Keeping It in the Family

Today
I welcome my big brother to my blog. What a surprise when we found out that both
of us had published our first books at almost the same time!  While I am a pantser, Bob is a plotter and for
good reason. His book reads like a Clancy novel full of time-sensitive details.
But he is also a dreamer who ponders the mysteries of the universe. I am so proud to introduce
you to Robert M. Ford, PhD.
Welcome to my blog, Big Bro. Please tell
us a little about yourself.
Hi
Sis.  Well I don’t need to tell you that
I’m a retired soldier who went back to work for the Army as an instructor at
the Missile and Munitions School, here in Huntsville, Alabama.  When I retired (again) from the Army as a
civilian, I had already started teaching at Virginia College in Huntsville and
spent ten years teaching business and social sciences before taking a two-year
sabbatical to help my daughter’s biotech lab get on their feet as a rapidly
expanding corporation.  Then I decided to
retire and write “the great American novel.” 

My wife and I have enjoyed this great southern weather for thirty-seven
years, now.  We have one daughter who is
a biotech scientist, a granddaughter who is a chef, a grandson who is in the
Navy in San Diego, and a great-grandson.
On
a personal (somewhat boring) level, I have a BA in Sociology, an MA in Admin
Science and a PhD in Education.  I also
graduated from the Defense Language Institute, the Navy Bomb Disposal School,
the Army Aerial Observer School, the Defense Human Relations Institute, The
Army Staff Management College and the Army Logistics Management College.  During my twenty-one years in the Army, I
spent two tours in Panama, one in Germany, one in Korea and three in Viet
Nam.  I finally retired as a First
Sergeant.
On
a much more personal level, I am an insatiable reader, especially historical
fiction like Michener and Edward Rutherfurd, and I also enjoy great semi-sci-fi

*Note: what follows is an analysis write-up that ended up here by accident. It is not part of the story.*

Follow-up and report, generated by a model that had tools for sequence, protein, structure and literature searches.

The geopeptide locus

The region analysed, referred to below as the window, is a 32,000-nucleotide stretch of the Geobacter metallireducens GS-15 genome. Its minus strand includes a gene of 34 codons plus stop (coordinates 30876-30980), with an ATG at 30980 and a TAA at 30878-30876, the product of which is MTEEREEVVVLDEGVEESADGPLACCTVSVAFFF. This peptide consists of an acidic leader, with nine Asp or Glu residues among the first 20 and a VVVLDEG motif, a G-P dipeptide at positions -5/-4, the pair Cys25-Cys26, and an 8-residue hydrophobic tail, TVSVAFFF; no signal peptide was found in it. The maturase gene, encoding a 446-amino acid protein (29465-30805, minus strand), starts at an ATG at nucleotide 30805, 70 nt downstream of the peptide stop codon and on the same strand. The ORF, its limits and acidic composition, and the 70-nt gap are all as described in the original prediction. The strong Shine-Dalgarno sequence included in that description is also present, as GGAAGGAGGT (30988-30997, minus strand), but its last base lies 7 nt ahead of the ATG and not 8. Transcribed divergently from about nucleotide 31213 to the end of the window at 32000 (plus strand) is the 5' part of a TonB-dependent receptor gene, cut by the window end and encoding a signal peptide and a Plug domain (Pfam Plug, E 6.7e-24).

like Tom Clancy and Clive Cussler.  I
also regularly read science journals like Scientific
American
and Discover.  I used to play the piano and guitar and until
my other hobby of woodworking deprived me of half a thumb and two normally
functioning fingers.  I have also built
model sailing ships all my life.  Now
that I’m retired, I took up the challenge of writing that novel.
When people ask me what you do, I never
know where to begin.  Your resume is a
tome! Talk about the books you’ve written. What was the first seed of an idea
you had for your book? How did it develop?
I’ve
had the urge several times to write and even started a couple of books in the
past.  With all my travels, I never got
around to completing them.  Now they’ve
been overcome by events.
I
guess what drives me to write is that I’m a ponderer and a wonderer.  I often sit and ponder things like why can’t we prevent wars from breaking out
or what would combat be like if they
found a way to eliminate missiles

These are two of the seeds that I incorporated in my first novel.  I also wonder about things beyond my grasp
like what the first day in heaven will be like and will the tenth day be the
same.  What about the one hundredth the
one millionth and the seven hundred trillionth. I wonder what it would be like
to travel at the speed of light to a world fifty light years away.  It would take fifty years so most crewmembers
would die before they got there.  Only
their offspring would make it and they wouldn’t know what to do with it because
they had spent all their young lives aboard the spaceship.  So that’s what a ponderer and a wonderer
thinks about.  I suspect that a lot of
writers are ponderer and wonderers.
My
book, the first in a trilogy, is titled Battlestation
Alpha: Mouth of the Dragon
.  Of
course an old warrior like me would write a war story.  It’s also sci-fi as it takes place in AD
2036.  The plot revolves around a giant
United Nations aircraft carrier that also mounts twelve 16-inch guns from
previous battleships (because missiles have been obsoleted with the advent of
pulse radar weapons – an emerging technology as we speak).  The story wraps itself around a sneak attack
by China into Taiwan and only Battlestation
Alpha
and its battle group is readily available to head off the
attack.  The ship is commanded by Captain
Artemis Valentine an old warhorse who recently lost his wife.  Towards the conclusion, Art must confront a
career-ending decision to end the war. 
(Will he or won’t he make the sacrifice?)  The romantic side comes to fruition when UN
Air Force Major Maria Ruiz is newly assigned and catches the Captain’s
eye.  I also incorporate a Chinese tunnel
engineer, two Taiwanese farmers for a humorous thread, a blustering Fleet
Admiral, three ambitious Chinese senior officers and several other characters
to complete the saga salad.
I loved the characters in Battlestation
Alpha: Mouth of the Dragon
—especially Major Ruiz.  Okay, and the two Taiwanese farmers. How did you
celebrate the publication of your first book (please keep this rated PG).
I’m
glad you said to keep this PG rated.  My
first novel met with almost total sales failure.  Even after expensive advertising in military